It’s 4 PM on a breezy September afternoon and you are strolling through the myriad of streets that crisscross Harvard Square in Cambridge, Massachusetts. This area happens to have one of the world’s highest concentrations of cafes and eating joints. The urge to have a coffee and a snack hits you. There are two to three Au Bon Pains, a Peet’s Coffee & Tea, a couple of Dunkin Donuts outlets, Starbucks stores and so many more – all within a few hundred feet of you.
Which establishment will get your business today?
Well it so happens that you had scanned a QR code of Au Bon Pain off a billboard just a few weeks before while passing through an airport terminal because it offered some digital coupons that you could unlock in their mobile app if you downloaded it which you did, and installed the app on your phone. What’s more, you happened to already use up the coupons at the Au Bon Pain at the airport terminal.
However, that September afternoon near Harvard Square, that same mobile app, now running in the background on your phone has determined from your GPS location that you are near another Au Bon Pain. It immediately asks for and receives from Au Bon Pain’s servers an instant coupon that can be redeemed only within the next 2 hours!
You hear your phone go beep and vibrate, you fish it out to see that there is a very attractive discount coupon waiting for you to redeem at the Au Bon Pain that ‘just happens to be in your sight’!
Guess who got your business!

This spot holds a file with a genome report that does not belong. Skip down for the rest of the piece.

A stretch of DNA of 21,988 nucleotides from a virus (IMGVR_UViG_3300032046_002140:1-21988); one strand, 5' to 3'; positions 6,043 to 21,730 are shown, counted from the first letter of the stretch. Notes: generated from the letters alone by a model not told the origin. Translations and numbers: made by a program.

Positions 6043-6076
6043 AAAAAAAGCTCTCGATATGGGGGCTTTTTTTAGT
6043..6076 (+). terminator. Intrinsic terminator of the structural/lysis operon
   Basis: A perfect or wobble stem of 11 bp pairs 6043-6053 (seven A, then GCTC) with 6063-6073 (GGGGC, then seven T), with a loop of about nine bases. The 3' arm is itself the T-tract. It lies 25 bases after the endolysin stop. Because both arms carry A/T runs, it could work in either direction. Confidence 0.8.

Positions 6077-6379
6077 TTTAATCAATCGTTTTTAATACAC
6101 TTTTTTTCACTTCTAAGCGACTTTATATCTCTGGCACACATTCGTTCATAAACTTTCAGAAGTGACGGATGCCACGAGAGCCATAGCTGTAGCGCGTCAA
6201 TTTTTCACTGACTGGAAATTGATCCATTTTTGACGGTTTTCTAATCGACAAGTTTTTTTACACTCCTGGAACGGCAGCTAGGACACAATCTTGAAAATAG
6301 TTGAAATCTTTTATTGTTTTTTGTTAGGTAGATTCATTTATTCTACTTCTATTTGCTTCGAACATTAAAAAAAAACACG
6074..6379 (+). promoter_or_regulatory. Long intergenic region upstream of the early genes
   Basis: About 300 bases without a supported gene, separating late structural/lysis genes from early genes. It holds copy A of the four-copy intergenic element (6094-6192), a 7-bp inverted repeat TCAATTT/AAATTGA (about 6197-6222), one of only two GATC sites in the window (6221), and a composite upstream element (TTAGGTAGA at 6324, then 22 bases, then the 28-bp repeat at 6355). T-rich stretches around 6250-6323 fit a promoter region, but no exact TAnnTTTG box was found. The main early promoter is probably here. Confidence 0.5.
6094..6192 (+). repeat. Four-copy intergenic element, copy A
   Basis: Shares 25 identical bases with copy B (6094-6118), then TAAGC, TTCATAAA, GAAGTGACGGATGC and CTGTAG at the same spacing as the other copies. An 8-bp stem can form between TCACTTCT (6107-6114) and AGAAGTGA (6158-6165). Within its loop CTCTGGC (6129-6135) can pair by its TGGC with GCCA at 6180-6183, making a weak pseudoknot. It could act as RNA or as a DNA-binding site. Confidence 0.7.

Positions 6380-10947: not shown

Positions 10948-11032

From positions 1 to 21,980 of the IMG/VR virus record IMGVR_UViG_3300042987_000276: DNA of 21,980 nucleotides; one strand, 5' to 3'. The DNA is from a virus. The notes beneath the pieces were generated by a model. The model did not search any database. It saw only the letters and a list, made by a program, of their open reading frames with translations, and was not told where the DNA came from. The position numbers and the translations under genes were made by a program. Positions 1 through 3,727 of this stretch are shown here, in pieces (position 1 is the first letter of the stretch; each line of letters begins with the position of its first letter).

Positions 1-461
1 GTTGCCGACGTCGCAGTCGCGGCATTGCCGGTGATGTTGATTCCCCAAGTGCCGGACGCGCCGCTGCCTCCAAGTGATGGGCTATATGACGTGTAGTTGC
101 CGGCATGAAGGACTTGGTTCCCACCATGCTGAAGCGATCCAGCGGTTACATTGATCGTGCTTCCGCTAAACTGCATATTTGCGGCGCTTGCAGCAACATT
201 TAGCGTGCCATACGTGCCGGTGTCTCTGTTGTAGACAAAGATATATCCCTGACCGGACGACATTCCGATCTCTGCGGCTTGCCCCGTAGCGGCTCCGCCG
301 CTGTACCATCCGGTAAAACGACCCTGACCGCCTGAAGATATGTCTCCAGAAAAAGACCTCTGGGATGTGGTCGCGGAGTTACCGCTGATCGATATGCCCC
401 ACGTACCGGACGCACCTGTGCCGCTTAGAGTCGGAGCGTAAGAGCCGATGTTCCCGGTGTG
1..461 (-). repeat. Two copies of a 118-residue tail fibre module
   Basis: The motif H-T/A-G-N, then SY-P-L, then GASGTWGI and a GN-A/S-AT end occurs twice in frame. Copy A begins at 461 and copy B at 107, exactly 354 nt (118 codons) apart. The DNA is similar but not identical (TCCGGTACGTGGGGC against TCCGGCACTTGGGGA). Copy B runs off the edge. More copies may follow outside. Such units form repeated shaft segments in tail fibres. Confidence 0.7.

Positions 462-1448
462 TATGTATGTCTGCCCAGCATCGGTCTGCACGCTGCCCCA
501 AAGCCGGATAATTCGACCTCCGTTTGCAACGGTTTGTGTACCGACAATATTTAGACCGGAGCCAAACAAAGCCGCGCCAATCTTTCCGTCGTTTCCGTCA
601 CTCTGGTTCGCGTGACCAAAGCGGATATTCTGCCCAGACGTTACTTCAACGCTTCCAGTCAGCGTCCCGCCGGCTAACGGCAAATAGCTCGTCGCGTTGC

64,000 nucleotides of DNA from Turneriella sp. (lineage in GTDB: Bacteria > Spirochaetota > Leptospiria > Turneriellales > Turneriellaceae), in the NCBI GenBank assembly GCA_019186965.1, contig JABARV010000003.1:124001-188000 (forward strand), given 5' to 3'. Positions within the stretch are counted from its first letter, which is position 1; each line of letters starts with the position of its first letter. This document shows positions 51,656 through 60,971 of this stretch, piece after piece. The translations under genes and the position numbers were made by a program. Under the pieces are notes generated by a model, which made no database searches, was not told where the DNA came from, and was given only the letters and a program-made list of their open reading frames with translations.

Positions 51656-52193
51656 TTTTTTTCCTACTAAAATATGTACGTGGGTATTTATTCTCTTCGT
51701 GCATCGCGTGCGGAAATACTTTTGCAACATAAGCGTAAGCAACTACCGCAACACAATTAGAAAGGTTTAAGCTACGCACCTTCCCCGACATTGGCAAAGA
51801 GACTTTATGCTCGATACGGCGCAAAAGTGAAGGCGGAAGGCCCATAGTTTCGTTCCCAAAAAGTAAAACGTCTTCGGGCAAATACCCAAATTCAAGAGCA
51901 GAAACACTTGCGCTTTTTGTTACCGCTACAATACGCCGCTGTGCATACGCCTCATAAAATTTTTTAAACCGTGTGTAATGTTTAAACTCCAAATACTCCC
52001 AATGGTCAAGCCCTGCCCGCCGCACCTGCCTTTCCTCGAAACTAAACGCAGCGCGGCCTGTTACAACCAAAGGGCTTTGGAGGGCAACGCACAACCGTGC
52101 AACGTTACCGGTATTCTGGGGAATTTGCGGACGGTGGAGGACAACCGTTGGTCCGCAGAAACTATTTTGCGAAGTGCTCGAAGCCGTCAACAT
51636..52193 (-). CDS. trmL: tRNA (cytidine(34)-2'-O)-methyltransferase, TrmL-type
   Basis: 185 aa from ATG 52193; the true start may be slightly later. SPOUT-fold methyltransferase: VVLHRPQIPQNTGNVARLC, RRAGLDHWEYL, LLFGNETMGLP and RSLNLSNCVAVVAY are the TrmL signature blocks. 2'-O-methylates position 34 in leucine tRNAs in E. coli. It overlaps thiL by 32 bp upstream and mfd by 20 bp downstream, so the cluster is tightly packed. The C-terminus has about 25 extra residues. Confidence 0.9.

Here’s another similar scenario: You are on a road trip, it’s getting late in the day and it’s time to find a hotel to stay over for the night. The Howard Johnson app that is installed on your phone detects via GPS or cell tower location that you are within a few miles of a Howard Johnson hotel. It’s easy to see that the rest of this scenario is similar to the Au Bon Pain scenario described above.
The establishments mentioned in these scenarios are purely for illustrative purposes – I am not claiming that they actually have such apps, (they probably need to if they don’t yet) – but these situations do illustrate how many retailers today are using a technique called “Proximity Based Marketing” to convert traffic in the vicinity of the store into traffic into their store.
The above two scenarios also illustrate the use of the GPS sensor or cell tower based location service on mobile devices to enhance sales. There are ways to use other sensors on the phone to detect proximity. For example Sonic Notify’s audio technology lets you beam digital information such as coupons from an in-store audio system to the mobile devices of people visiting the store through the use of imperceptible acoustic content that is encoded into the audio stream emanating from the audio system.
An interesting thing to note in the above scenarios is that proximity based selling happens to be a special case of a well-established marketing practice called “context based selling”.
The “context” detected by the mobile in the above scenarios is the geo-location and the time of day. For example if it had been 12 PM instead of late afternoon, the same Au Bon Pain app could have sent you a discount coupon on a sandwich meal!
The context can be built using even more complex business rules that go beyond place and time, and look at your recent purchase history, aspects of your profile that you have made available to the app and so forth.
The possibilities are limitless.
Check out my new book on mobile technology on Amazon that contains a much wider treatment of the topic of using mobile technology in Retail along with infographics on how to use context based selling and location based technologies to drive footfalls into your store and increase the user’s basket size.
* This article acknowledges all brand names mentioned as trademarks of their respective owners.